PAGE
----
Hospitals in rural or remote areas: An exploratory review of policies in 8 high-income countries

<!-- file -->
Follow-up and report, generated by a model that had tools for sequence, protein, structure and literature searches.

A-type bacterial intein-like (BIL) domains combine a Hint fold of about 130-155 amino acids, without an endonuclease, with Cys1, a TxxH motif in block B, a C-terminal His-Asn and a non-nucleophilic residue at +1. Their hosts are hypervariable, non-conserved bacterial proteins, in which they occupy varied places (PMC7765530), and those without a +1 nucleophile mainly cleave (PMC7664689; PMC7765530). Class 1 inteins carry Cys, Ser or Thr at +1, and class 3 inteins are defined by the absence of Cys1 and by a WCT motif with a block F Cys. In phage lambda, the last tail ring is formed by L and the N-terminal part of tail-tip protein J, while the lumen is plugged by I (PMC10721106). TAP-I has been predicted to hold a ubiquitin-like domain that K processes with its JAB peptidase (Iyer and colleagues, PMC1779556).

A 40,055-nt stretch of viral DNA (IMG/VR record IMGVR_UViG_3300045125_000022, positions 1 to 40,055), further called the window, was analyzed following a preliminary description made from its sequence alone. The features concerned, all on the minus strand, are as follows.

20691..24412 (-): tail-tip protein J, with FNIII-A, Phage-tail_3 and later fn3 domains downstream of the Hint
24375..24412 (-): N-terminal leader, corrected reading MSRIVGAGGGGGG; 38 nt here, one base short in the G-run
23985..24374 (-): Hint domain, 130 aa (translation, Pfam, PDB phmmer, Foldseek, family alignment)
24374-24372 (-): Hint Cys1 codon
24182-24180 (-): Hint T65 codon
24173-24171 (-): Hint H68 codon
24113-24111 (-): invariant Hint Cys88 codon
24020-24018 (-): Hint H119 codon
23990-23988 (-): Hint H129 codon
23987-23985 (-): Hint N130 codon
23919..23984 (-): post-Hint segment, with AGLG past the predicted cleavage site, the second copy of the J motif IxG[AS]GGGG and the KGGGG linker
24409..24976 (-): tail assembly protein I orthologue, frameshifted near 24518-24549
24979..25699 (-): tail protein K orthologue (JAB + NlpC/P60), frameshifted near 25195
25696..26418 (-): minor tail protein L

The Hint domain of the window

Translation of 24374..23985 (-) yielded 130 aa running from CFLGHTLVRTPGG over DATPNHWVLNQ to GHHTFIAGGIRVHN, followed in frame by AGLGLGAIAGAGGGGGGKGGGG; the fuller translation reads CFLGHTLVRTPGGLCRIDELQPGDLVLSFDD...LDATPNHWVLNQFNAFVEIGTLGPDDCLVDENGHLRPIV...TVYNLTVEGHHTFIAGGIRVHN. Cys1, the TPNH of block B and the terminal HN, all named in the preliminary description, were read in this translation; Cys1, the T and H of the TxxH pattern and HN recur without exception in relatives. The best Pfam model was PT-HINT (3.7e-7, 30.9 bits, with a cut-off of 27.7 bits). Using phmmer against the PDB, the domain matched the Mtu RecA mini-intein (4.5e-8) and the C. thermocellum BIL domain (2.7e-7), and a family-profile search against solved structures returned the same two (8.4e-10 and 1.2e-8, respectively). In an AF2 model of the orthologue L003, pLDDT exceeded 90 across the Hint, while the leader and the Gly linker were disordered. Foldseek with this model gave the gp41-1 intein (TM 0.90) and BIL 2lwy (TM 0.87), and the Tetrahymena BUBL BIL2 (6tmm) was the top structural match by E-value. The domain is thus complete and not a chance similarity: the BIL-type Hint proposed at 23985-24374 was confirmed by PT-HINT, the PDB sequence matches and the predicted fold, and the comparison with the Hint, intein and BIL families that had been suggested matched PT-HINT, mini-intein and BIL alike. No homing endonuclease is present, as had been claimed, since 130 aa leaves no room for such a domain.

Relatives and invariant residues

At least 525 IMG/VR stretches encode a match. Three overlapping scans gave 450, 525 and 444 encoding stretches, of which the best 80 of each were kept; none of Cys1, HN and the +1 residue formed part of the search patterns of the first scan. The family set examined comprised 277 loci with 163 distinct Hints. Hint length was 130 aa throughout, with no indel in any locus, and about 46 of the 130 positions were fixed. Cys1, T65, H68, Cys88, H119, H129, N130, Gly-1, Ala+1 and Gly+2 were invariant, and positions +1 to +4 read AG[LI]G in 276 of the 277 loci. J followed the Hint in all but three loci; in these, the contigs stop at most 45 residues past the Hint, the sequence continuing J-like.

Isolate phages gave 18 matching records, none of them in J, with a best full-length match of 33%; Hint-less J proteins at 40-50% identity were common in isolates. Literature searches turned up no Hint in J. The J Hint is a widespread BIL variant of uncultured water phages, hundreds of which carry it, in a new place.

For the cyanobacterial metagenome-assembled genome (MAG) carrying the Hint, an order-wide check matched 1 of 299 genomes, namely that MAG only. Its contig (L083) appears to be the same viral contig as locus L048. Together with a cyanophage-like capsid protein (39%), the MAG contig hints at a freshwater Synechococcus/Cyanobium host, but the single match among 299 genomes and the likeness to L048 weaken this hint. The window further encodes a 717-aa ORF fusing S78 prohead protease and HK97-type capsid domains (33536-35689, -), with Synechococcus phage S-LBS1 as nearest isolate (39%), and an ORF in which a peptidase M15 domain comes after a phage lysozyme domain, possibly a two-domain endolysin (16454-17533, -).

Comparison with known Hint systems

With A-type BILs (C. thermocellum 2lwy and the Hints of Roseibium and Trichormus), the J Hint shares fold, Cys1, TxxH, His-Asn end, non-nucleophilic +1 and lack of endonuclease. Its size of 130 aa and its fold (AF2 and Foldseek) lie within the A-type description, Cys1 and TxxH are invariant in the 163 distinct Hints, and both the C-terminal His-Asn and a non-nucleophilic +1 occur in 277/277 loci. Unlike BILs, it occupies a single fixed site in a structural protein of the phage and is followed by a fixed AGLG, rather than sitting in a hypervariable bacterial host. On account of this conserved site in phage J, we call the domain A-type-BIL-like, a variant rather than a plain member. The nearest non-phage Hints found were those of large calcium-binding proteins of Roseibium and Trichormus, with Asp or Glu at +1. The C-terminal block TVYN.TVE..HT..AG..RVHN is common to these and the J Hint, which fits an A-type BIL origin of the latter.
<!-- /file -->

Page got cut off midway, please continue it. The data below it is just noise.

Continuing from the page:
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Our study reviewed policies in 8 high-income countries (Australia, Canada, United States, Italy, Spain, United Kingdom, Croatia and Estonia) in Europe, Australasia and North America with regard to hospitals in rural or remote areas. We explored whether any specific policies on hospitals in rural or remote areas are in place, and, if not, how countries made sure that the population in remote or rural areas has access to acute inpatient services. We found that only one of the eight countries (Italy) had drawn up a national policy on hospitals in rural or remote areas. In the United States, although there is no singular comprehensive national plan or vision, federal levers have been used to promote access in rural or remote areas and provide context for state and local policy decisions. In Australia and Canada, intermittent policies have been developed at the sub-national level of states and provinces respectively. In those countries where access to hospital services in rural or remote areas is a concern, common challenges can be identified, including the financial sustainability of services, the importance of medical education and telemedicine and the provision of quick transport to more specialized services.
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